I haven't tried Linux in recent times...but one of the major problems is the large number of apps that ship on a Linux distro CD.:x Sure that is a major point put forward...you get tonnes of apps...but if anybody does a default install he ends up with lots of submenus filled with weird names in errr..."start menu" that don't make any sense. I am staying away from Linux because as of now IMO Windows is far better to use + Linux needs some serious work to evolve a good UI.

(I must admit I haven't used any Linux distro in recent times...only a Ubuntu Live CD but the screenshots keep me from trying anything) :unsure:

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Miuku.
How so? That its my opinion. Im not attacking anyone. For me no Linux distro its ready for the desktop market. What do you want from me? To lie?

586068769[/snapback]

Define "desktop market". Users at home? Corporate users like me?

For corporate users Linux has been ready for years as the amount of applications can be controlled and hardware chosen for that particular purpose.

Not to mention the lack of real threats such as viruses and only a miniscule amount of remotely expoitable security flaws and of course the price.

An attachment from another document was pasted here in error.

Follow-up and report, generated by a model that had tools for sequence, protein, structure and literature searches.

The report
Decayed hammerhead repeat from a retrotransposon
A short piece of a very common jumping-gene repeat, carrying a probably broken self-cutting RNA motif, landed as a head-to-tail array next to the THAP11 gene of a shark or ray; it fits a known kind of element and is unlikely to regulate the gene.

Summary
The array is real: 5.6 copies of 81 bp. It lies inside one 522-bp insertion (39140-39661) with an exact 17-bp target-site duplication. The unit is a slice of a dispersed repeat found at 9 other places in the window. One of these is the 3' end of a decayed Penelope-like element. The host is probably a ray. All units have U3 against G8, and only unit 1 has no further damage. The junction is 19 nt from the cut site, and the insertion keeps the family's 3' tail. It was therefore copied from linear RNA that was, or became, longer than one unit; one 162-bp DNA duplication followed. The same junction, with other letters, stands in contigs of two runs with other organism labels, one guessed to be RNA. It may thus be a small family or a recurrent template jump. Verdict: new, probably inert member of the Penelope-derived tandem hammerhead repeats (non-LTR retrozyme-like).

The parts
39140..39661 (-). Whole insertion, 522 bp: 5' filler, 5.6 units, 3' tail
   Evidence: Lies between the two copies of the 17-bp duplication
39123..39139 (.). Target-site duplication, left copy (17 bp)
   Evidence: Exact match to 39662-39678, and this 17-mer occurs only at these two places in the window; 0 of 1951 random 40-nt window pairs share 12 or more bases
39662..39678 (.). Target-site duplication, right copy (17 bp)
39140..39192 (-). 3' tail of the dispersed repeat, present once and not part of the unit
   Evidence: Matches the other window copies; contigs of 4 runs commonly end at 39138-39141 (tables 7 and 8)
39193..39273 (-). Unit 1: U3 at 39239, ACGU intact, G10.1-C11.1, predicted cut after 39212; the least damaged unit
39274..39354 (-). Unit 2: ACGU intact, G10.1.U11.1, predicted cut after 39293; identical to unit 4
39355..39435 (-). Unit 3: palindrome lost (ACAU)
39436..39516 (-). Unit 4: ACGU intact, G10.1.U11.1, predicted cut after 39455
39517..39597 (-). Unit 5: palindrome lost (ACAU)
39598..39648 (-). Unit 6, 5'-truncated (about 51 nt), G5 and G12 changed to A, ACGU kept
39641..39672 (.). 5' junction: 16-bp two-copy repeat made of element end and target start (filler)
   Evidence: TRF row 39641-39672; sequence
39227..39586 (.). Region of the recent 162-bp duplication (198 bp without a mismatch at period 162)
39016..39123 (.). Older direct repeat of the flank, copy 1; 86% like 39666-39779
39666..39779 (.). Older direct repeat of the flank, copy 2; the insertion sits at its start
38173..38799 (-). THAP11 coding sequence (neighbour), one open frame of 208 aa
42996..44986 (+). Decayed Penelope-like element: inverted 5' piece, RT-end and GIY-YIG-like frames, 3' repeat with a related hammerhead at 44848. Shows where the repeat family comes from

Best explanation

Corporate world is still a part of the "desktop market" and a very substantial part of it.

But for the home user it's a double edged blade and a very large portion of the blame falls on hardware manufacturers for their unwillingness to support their hardware and software vendors for creating one platform only solutions.

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seta-san

it is getting better. KDE. no matter what anyone tells you is the best UI for those coming from windows. It's got alot of programs including a office suite, media players, image viewers/editors,etc.. It's stable and works well. All the problems with linux from a windows users mind is that it's unstandardized and does have the issue of dependancy hell. Personally, if you plan on ONLY using what comes in your distro package it should work fine for you. Upgrading software and installing thing will be a pain in the ass though.

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AsciiSmoke

I too have been trying to get on board the Linux bandwagon for a very long time. I first started trying when Corel were still making a distro and version 2 was my first attempt.